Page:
Finally, onto intuitive eating. This one has been discussed so much lately, so I don’t want to go into too much detail here. But I do think it’s been misconstrued a lot. I think moving away from calorie/macro counting and measuring is a great thing (and something I’ve been doing since the beginning of the year) but not when it turns into something that isn’t intuitive at all…orthorexia. I know, because I’ve fallen into it myself. I’ve become more hyper-focused on the ingredients in the foods I’m eating, and it’s been obsessive at points. It might seem healthier than calorie counting, but it can be just as destructive. When people start saying they’re eating intuitively, yet still stick with ‘safe’ foods, that could be a red flag for orthorexia. When someone’s obsessed with clean ingredients to the point that they get anxious about eating foods they don’t know the ingredients for (I’m guilty as charged), it could be a sign of orthorexia. Intuitive eating isn’t about stuffing your face with cake or ignoring all healthy eating guidelines, but it isn’t about eating ‘clean’ 24/7. It’s about being flexible, sensing fullness, enjoying your food and not letting it rule your life. I feel like I was pretty good about eating intuitively this weekend. I had everything from fancy vegan pizza, to nori wraps, to Larabars, to a vegan gluten-free cupcake, lots of guac and roasted veggies to protein smoothies. I ate pretty balanced everyday, enjoyed all of my food, didn’t freak out too much when I felt a little fuller than usual and didn’t overthink my choices as usual. I know this is something I’ll still struggle with, but feeling more free is a great thing!

A healthy weekend option, balanced by vegan desserts and pizza!

A healthy weekend option, balanced by vegan desserts and pizza!

What are your thoughts on fullness, rest days and intuitive eating?Β 

19 thoughts on “On Fullness, Rest Days and Intuitive Eating

  1. That fullness part so relates to me. Sometimes I even skip eating beans, etc. because of the fullness that comes after, which is ridiculous. That’s awesome that you got to see your family πŸ™‚ Have a great week!

  2. Ashley this is a brilliant post indeed! I so much enjoyed reading this and it makes me realize that you DO have the knowledge to overcome your disordered behaviours,you only need to USE it finally! πŸ˜‰
    First of all: Feeling full doesn’t have to be a negative thing AT ALL. I guess if you’d ask a “normal” person how often he/ she feels full after a meal,you’d be surprised just how many people actually DO feel full on a regular basis – but without feeling bad about it at all.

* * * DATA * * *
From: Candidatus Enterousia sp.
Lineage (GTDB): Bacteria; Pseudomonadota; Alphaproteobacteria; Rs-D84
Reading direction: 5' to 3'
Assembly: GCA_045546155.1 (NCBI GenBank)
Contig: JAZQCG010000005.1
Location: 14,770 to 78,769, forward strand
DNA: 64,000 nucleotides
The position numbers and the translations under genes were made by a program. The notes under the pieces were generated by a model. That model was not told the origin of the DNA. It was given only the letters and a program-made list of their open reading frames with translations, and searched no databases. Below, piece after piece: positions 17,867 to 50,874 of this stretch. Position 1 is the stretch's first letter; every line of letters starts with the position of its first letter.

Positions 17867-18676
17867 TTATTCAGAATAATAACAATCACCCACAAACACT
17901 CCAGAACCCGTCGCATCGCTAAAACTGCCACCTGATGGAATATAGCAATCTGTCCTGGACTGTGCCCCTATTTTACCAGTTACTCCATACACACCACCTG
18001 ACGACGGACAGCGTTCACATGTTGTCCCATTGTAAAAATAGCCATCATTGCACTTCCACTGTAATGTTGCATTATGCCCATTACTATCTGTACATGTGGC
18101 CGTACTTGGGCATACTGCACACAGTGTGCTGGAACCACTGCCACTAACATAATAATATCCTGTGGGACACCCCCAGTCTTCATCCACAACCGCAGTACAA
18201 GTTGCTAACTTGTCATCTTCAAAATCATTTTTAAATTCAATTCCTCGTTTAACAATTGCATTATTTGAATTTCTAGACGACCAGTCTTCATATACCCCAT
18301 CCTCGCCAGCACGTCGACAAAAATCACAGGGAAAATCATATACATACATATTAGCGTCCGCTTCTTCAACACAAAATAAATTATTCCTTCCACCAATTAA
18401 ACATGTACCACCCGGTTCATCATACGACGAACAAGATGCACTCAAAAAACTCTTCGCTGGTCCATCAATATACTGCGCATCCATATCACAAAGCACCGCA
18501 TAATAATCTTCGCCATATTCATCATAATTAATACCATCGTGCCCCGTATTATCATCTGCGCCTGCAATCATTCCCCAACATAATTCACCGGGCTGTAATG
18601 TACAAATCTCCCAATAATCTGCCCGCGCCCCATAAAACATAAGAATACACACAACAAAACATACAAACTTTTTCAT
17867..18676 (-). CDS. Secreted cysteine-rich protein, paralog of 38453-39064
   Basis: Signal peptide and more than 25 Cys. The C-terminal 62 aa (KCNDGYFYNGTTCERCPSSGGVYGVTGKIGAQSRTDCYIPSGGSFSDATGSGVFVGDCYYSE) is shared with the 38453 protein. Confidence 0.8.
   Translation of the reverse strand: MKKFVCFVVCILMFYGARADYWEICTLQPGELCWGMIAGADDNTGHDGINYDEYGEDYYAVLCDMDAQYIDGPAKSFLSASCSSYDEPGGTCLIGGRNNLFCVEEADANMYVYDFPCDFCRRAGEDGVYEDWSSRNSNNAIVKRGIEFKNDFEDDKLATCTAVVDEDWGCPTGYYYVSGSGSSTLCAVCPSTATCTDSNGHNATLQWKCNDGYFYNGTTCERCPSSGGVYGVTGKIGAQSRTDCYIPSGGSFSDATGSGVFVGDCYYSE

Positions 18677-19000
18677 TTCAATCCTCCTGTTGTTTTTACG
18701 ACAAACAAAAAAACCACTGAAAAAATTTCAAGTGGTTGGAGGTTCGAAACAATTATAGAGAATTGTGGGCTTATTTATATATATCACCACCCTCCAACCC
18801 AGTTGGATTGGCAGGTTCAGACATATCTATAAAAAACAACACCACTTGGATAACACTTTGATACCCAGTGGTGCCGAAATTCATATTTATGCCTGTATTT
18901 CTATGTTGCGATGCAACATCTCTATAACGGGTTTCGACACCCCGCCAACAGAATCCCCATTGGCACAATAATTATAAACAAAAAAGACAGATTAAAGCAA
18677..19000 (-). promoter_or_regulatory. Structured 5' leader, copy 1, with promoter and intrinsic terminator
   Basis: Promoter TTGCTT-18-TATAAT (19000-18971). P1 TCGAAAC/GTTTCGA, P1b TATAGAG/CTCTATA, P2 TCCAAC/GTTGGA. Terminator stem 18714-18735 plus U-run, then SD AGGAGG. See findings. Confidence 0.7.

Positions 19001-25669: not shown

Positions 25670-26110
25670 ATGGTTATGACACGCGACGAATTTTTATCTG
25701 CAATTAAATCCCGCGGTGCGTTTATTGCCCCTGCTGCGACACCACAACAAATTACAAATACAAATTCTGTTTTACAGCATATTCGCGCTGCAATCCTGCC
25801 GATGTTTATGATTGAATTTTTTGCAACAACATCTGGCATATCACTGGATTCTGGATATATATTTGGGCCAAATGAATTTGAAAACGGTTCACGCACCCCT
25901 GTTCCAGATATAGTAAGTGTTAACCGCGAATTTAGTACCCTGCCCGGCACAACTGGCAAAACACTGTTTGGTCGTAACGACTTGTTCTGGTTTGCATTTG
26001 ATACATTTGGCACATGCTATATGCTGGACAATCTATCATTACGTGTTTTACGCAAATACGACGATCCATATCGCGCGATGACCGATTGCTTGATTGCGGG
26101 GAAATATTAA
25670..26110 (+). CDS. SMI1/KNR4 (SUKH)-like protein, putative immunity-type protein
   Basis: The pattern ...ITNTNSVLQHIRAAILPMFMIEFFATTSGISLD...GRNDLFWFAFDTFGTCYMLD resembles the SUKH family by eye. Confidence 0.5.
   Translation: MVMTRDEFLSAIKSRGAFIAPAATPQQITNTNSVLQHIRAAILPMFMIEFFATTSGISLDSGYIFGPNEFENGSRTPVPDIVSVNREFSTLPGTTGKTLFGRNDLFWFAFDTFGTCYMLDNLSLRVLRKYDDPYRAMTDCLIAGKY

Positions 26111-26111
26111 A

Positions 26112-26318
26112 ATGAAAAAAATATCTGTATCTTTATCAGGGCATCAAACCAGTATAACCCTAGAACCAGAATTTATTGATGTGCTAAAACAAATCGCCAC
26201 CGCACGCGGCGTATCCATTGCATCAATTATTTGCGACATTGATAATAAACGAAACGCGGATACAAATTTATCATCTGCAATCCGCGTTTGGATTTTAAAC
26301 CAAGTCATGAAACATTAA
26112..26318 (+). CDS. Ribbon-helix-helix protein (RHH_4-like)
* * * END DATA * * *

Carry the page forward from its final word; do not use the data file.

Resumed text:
I,too,hate feeling full – I absolutely dread this feeling,to be honest! However,I think the problem is that you and I have a completely wrong idea of what it’s like to feel “normally” full. We see the extremes: starving and stuffed,but NOT “full” – because full means your stomach is full. Period. It doesn’t have to be a negative thing,and even if you DO feel a little over-stuffed – just like you’ve said it yourself – the feeling will pass. Earlier than we tend to think.
    Also,I’ve been realizing that I am not necessarily truly “stuffed” all the time,I only tell it to myself very often. I use it as kind of an excuse to not have to eat,like,I eat let’s say a slice of bread with almond butter. Bread is a huge fear food of mine,so I feel very anxious and uncomfortable about this,so the ED part of me immediately yells: “HOLY JESUS,am I STUFFED! I won’t be able to eat ANYTHING for the rest of the day!” – Absolute bullshit,obviously,but it makes sure I won’t eat anymore after this “bad” meal and “help” to “balance it out”… Not. You know how EDs fool you,though,don’t you?
    Then: Rest days. Ooooh,rest days. These are a problem for me,too. I am really trying to cut back on exercise recently,though,at least regarding cardio. Some days,it goes better,some days… Not so much. BUT I haven’t turned into a fat ball yet DESPITE taking like THREE days off from cardio in a row last week! THREE DAYS! So yeah,that’s kind of an achievement,I guess. πŸ™‚
    And now,finally… The big topic: Intuitive eating.
    Personally,I truly feel like the blogging world has its trends like the fashion industry does. First,that paleo-thing,then,suddenly,everyone was gluten-free,and now – oh my god! – one realizes it is possible to eat MORE than vegetables and protein powder and STILL be okay,so how do we call that…? Wait,YES! Intuitive eating,that sounds good. Right?
    Because again,what most bloggers call “Intuitive eating” has NOTHING to do with the term at all. Intuitive eating is eating what you want,when you want,without thinking too much about it. This has become absolutely IMPOSSIBLE for most of them,though,and even if they WOULD be craving a brownie… In the end,90% would NOT eat it,or rather eat a Chocolate Brownie Quest Bar because it tastes “absolutely identical”! – Wo-hoooo! Another excuse to not eat that terrible,unhealthy brownie thing. Great!
    So,really… I am also trying to eat intuitively,but I want to REALLY do it… Including ice cream,chocolate,chips and all. And I DO this as well,but it sometimes make me feel kind of crappy when reading about others who swallow each bite,pause a minute and in the end decise after three teaspoons of their – of course,sugar-free – oatmeal they’re “satisfied” and don’t need the rest anymore.